Jane follows this by holding a session with a mother and daughter looking to contact their son/brother who took his own life. Well versed in the art of saying nothing and making it sound impressive Jane mentions the young man owning a hoodie which bowls over the two guests. (Gee Note: I know right? Imagine predicting that someone under 20 would own a hoodie. I nearly fell off my chair!). She then says a lot of stuff about how sorry he is that he committed suicide and how he now realises it was selfish, which gets the two women welling up. This time around Nicholas is a wee bit less spectacular, mentioning that he feels the man in question was under a “lot of stress” (Gee Note: Wow. A suicidal person suffering from stress? I’ve never heard the like. I’m surprised he didn’t go all the way and say “they also had a touch of the gloomies” as well). Still despite being fed an A-Grade line in bullshit Barnum statements, the women leave singing the praises of the Hamilton-Parkers.






I have to admit at this point my patience was wearing thin. Rather than the knockabout Osbournes-esque farce where crazy characters talk to dead people over an afternoon cup of tea I had been expecting, Our Psychic Family comes across as an extended advert for the Hamilton-Parkers’ private practice. The problem is that, on this evidence, they’re not actually all that good at what they do. There’s no stand out moment where you think that they have legitimately contacted the spirit world, largely because there’s nothing that either Craig or Jane come up with that couldn’t have been achieved by even the most incompetent mentalist. So disheartening was this programme that I was ready to turn the whole thing off and find something else more important to do after about ten minutes. Like making a cloak out of an old curtain so I could pretend to be a super-villain who terrifies people with unusually large vegetables. Stuff like that.

So thank the maker above for Johnny.

The Hamilton-Parkers next project is to hold a special dating night in a bar in London. A group of singles get together and are paired off by Craig and Jane using their psychic powers to match those who are most suited to each other. One of these dateless wonders is the aforementioned Johnny. Hailing from “somewhere posh” according to the subtitle (Gee Note: Research is overrated anyway), and looking like a cross between Tim Vine and Boris Johnson (Gee Note: Phoooawrr. Am I right ladies?), the J man isn’t one of those desperate losers who can’t get a female companion for love nor money. No way Jose. The reason why Johnny is still on the market is because he is too selective. According to the man himself, "The kind of girls I normally go for are tall, brunette, slim," he says in a plummy voice "with nipples I can see coming through the t-shirt”.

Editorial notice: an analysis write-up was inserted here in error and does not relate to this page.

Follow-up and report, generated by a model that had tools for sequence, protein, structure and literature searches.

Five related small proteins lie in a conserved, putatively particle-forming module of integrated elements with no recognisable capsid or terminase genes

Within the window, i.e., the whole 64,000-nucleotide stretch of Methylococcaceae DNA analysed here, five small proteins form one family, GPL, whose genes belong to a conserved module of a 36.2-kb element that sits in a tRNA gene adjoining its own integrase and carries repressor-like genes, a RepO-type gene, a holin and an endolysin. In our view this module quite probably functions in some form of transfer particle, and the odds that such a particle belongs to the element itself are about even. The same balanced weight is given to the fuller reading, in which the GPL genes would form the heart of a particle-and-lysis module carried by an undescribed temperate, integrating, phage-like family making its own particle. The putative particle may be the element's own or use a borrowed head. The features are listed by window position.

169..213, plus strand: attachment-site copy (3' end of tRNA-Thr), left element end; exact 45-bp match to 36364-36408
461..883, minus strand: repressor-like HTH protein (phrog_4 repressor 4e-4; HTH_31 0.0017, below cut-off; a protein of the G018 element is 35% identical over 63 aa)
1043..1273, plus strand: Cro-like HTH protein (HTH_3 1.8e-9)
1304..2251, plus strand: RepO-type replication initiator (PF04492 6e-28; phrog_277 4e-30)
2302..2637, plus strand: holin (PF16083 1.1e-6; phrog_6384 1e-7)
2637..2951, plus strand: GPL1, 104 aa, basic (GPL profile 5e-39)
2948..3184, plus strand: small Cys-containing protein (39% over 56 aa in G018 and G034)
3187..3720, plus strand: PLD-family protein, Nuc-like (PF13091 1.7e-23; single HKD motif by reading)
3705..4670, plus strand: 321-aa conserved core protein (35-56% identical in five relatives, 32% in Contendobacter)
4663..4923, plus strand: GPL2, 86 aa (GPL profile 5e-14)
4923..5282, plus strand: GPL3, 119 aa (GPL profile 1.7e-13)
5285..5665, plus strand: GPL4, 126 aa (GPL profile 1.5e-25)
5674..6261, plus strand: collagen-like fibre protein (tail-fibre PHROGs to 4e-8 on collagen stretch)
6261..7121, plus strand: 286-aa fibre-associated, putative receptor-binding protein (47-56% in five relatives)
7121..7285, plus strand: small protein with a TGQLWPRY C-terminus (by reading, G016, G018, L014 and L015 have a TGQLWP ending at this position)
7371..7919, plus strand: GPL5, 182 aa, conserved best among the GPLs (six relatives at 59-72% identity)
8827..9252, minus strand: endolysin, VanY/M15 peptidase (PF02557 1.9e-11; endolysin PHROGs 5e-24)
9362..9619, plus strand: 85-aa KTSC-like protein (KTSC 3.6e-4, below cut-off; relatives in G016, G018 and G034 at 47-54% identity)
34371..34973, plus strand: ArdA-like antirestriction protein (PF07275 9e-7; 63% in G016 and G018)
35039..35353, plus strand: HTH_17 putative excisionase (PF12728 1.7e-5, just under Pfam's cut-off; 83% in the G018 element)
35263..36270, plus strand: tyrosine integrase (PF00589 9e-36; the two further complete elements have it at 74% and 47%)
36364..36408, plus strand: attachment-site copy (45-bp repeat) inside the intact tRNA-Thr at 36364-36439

And with that one sentence Johnny became the best thing I have ever seen on television.

Obviously feeling he was on a roll, Johnny followed this up with some dating advice for the men out there. “I value good breeding which you don’t often find. A good lineage like a horse or a greyhound. People, dogs and horses are very similar I find. You’ve got to look at the pedigree”. By the time he’d finished I was begging the producers to abandon this silly idea of a family of psychics and instead follow Johnny around on blind dates as he gets a variety of drinks thrown over him. Seriously, I’d watch that show every night. I’d tell my friends to watch that show every night. I’d drunk dial random strangers late at night and berate them for not watching it. Bottom line is THIS MAN NEEDS HIS OWN SHOW. He certainly saved this one, as after that point I couldn’t turn away for a second less I miss more Johnny awesomeness.

Sadly more Johnny was apparently not on the menu that night. What followed was five minutes of sheer tedium as the production team checked in with the awkward couples as they forced small talk. One fella forgets to bring his date cutlery. Another attempts to win over his voluntary hostage with lame jokes (Gee Note: Exactly like one of my dates. Except without the rope. And the bolt cutters. And the crying.) Unsurprisingly, despite Craig and Jane sitting at the bar with self-satisfied smirks, only one of the couples agree to see each other again. With the rest it appears the guys are keen, while the women are about as interested as Paris Hilton would be in the history of cement between 1834 and 1902.

Saving the best till last we finally get a comment from Johnny who appears to have made the best out of a bad situation. “I had a bit of a squint around and I didn’t see any tall, well formed, brunettes with really good figures. And as soon as I didn’t see that I realised I had to lower my bar a little bit. If I had my beer goggles on I think I’d definitely reprioritise”. I had to rewind that three times to work out if that meant he had enjoyed himself or not. I’m still not sure.

And then it ended. Now I’ll be honest with you, I felt quite empty inside after it was all said and done. Partly because I knew I’d never see Johnny on my television ever again. But mostly because Our Psychic Family had failed to connect with me in even the most basic ways. I wasn’t amused by people pretending to be all Haley Joel Osment seeing dead people. I wasn’t angered by the sheer cheek of them charging people money for this rag tag, bargain basement, mind reading schtick. I didn’t care that I’d just been subjected to the worst parade of haircuts this side of the 1980’s. Instead it felt like I’d just spent 23 minutes in the television equivalent of a void in space.

Still, if the fate of The River is anything to go by, those of us in the UK should try and get used to this type of thing. After all, this time next year there’s a good chance we’ll be balls deep in shows like Our Psychic Family.

Yeah. I agree. It does suck when you think about it.


Our Psychic Family is available online to both Virgin Media and Sky customers. If you aren't a customer of either of those then watch this instead. Trust me. It will rock your socks.